On September 12, 2013, Voyager 1 became the first Earth-made object to enter interstellar space. Perhaps more importantly, the “Golden Record,” curated by a Carl Sagan-led group, is affixed on its outside, offering what has been deemed a “global anthology” of Earth life as conceived in the early 1970s. Containing images, sounds, music, and “spoken greetings” in fifty-five languages, the LP was also meant to serve as a document of our shared “cosmic loneliness.” And the contents of the disc (folk-ed trax, especially) parallel the problem the record was to solve: how to bring people together by transcending difference that redeploys difference in order to communicate our “diversity.” Along with “Melancholy Blues” by Louis Armstrong and His Hot Seven, Blind Willie Johnson’s piece represents the blues on the disc. Marked by forlorn humming and at the edge of speech, Johnson’s trax resists what Jeffrey Carroll deems the “directly expressive [and ‘wordless’] . . . rhetoric of the interjection” (When Your Way Gets Dark: A Rhetoric of the Blues). If one invests in the “emotion” of sound, what’s abandoned is the articulation of abandonment that emerges from a homeless wanderer. And this isn’t Simmel’s “stranger,” who serves as a marker of and diagnostic for group belonging, but a manifestation of isolation articulated toward the other. “Meaning” isn’t present as such. What is: the disturbance of being at home in this world. Or: the alien-ness that comes from (punishing) relation.
Two-bass attacks are uncommon, what with the risks of a muddy low end or bottom line. Plying the upper (chordal) registers, a combination of four- and eight string basses wend along, sometimes meeting for unison voicings. Our pitiable narrator is the murky base. Sequestered in a “well” (or shell), her head pops up and out every now and again, but only in projection. Professing whiteness (“Indians . . . [are] so smart”) and desiring animality (“that excites me”), it wouldn’t be wrong to assume that she’s merely sheltered and listening to the “echo” of the small world around her. But don’t forget the power of a “wish”: beginning to imagine “someone else’s thoughts” and inviting strangers into one’s life. Sonically and politically committed to mingling without overdetermination and difference with spite for location. An excitation.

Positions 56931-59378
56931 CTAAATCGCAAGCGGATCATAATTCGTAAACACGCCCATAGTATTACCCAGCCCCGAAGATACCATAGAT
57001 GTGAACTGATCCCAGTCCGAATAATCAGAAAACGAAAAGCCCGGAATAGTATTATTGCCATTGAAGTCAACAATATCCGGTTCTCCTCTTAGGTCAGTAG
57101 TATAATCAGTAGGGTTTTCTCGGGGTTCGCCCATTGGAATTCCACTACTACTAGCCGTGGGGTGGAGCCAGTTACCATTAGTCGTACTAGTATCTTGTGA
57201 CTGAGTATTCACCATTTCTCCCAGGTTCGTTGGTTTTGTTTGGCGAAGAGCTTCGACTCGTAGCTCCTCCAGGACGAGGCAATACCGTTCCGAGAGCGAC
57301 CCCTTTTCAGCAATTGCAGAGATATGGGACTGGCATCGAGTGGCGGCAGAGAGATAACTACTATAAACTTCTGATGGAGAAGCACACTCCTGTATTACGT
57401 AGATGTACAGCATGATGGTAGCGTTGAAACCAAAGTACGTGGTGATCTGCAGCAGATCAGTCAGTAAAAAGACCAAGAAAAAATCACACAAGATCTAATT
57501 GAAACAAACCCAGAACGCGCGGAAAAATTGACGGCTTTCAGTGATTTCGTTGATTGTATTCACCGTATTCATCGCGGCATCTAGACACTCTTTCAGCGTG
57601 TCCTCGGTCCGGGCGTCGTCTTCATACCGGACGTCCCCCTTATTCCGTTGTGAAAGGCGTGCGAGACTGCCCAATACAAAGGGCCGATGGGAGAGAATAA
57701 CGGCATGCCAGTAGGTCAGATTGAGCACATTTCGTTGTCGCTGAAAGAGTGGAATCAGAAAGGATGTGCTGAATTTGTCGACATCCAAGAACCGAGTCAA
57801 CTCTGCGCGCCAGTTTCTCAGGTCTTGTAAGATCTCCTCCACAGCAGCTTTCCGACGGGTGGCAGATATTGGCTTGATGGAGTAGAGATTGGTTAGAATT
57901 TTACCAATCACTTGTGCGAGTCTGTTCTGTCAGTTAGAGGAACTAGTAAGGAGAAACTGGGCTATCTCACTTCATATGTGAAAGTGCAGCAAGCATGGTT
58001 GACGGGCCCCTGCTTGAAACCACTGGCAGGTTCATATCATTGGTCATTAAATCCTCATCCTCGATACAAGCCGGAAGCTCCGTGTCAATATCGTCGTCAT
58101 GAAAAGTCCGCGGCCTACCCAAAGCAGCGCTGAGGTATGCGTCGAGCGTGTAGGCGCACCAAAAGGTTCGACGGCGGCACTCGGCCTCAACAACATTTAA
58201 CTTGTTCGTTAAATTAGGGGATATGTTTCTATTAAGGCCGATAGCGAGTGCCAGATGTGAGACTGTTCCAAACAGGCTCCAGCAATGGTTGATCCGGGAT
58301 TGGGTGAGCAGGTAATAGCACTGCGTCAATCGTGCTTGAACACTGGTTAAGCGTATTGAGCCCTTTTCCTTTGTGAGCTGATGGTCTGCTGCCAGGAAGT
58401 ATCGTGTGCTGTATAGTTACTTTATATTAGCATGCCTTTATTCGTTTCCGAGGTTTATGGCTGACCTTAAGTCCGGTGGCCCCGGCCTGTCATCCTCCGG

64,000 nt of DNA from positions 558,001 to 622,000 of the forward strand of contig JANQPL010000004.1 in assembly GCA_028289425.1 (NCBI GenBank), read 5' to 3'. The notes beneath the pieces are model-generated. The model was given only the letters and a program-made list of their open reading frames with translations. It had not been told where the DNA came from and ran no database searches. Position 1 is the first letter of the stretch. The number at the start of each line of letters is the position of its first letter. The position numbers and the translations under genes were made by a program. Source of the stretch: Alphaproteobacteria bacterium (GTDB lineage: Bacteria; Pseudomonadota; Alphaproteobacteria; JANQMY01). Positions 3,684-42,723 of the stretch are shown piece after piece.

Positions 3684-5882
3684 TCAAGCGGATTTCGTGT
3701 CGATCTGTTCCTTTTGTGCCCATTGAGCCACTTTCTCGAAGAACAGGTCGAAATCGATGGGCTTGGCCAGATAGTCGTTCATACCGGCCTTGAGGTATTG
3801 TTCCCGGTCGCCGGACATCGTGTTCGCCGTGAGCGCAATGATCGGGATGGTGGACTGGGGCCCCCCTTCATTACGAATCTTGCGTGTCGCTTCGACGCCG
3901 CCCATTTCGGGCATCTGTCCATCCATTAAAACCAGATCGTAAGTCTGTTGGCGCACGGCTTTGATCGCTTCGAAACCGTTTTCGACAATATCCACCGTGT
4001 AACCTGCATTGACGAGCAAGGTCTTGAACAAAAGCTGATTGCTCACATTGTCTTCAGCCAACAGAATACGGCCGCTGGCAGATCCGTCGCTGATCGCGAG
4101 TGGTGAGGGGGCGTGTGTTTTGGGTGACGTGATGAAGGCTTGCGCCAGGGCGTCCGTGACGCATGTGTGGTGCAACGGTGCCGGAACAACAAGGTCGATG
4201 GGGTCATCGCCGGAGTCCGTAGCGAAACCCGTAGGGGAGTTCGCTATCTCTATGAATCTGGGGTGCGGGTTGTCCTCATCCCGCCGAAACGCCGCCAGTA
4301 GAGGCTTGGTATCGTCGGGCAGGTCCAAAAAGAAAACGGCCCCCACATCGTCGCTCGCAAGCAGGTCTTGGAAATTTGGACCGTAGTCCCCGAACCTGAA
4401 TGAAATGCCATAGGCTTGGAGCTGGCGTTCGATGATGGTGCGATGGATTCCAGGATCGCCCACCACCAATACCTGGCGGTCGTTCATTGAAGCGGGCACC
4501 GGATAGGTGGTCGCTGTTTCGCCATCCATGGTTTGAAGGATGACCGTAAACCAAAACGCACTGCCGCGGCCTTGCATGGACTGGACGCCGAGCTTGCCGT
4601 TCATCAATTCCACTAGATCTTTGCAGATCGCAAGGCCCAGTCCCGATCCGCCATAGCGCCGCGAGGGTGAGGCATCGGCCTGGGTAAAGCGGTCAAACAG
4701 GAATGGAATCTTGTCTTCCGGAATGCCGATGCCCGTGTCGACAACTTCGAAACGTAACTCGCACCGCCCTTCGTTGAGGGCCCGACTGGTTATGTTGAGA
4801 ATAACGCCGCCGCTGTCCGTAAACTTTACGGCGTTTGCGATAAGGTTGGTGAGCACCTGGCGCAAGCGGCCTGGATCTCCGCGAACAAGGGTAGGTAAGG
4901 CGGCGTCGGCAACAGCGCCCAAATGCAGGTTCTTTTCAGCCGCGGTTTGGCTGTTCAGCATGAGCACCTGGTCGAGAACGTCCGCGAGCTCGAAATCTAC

Is the “refrain” in the repetition, the singularity of the melody, or the repression of impatience? A bit of all, to tell the truth. As the first Eurovision Song Contest winner (1956), it’s a way to understand Europe’s sense of being at a particular moment. But it’s not a European song inasmuch as a Swiss song in French, which beat out the German Swiss song. This descent down the location ladder is challenged by the inversely proportional desire to sing particularly (here, of an experience), setting up the trax’s loop: the proper way of being and comportment writ large must be miniaturized in order to be magnified. The chanteuse sings in the present to the love of her youth, noting a sense of mutual maturity while lamenting what’s been lost. Instead of melancholy in which what has been lost must eventually disappear into a generalized longing, this could be taken as a desire to differ from one’s self—a need to retain previous identities to register one’s difference from them. What matters is a promise to decide, continually, on the promise of such difference.
In some ways, The Reddings continue The Brothers Johnson’s investment in funk as inborn, released/expended, and premised on dance floor experiences. Not so with this trax, as we move toward an advent of sorts. Who/what arrives? From the album cover, it’s the revelation of lonesomeness conveyed by the single used pillow and the broken office clock lying on the bed (as probable frustration with a world devoid of funk). Moving between slapping and fingerstyle tendencies, the bass pyrotechnics are relentless. The difference appears in the accompanying overdubs that appear near the end; consisting of both harmonics and slaps/pops played backwards and layered within the forward momentum of the primary narrative, they emphasize causality in a distorted mirror. Reflected back to us, the other is different yet comparable, related but not an amplification. The layers, the bottom end, the sustained open E string throbbing throughout: arrival has happened and will have to happen, recursive in its movement forward, outward, and downward.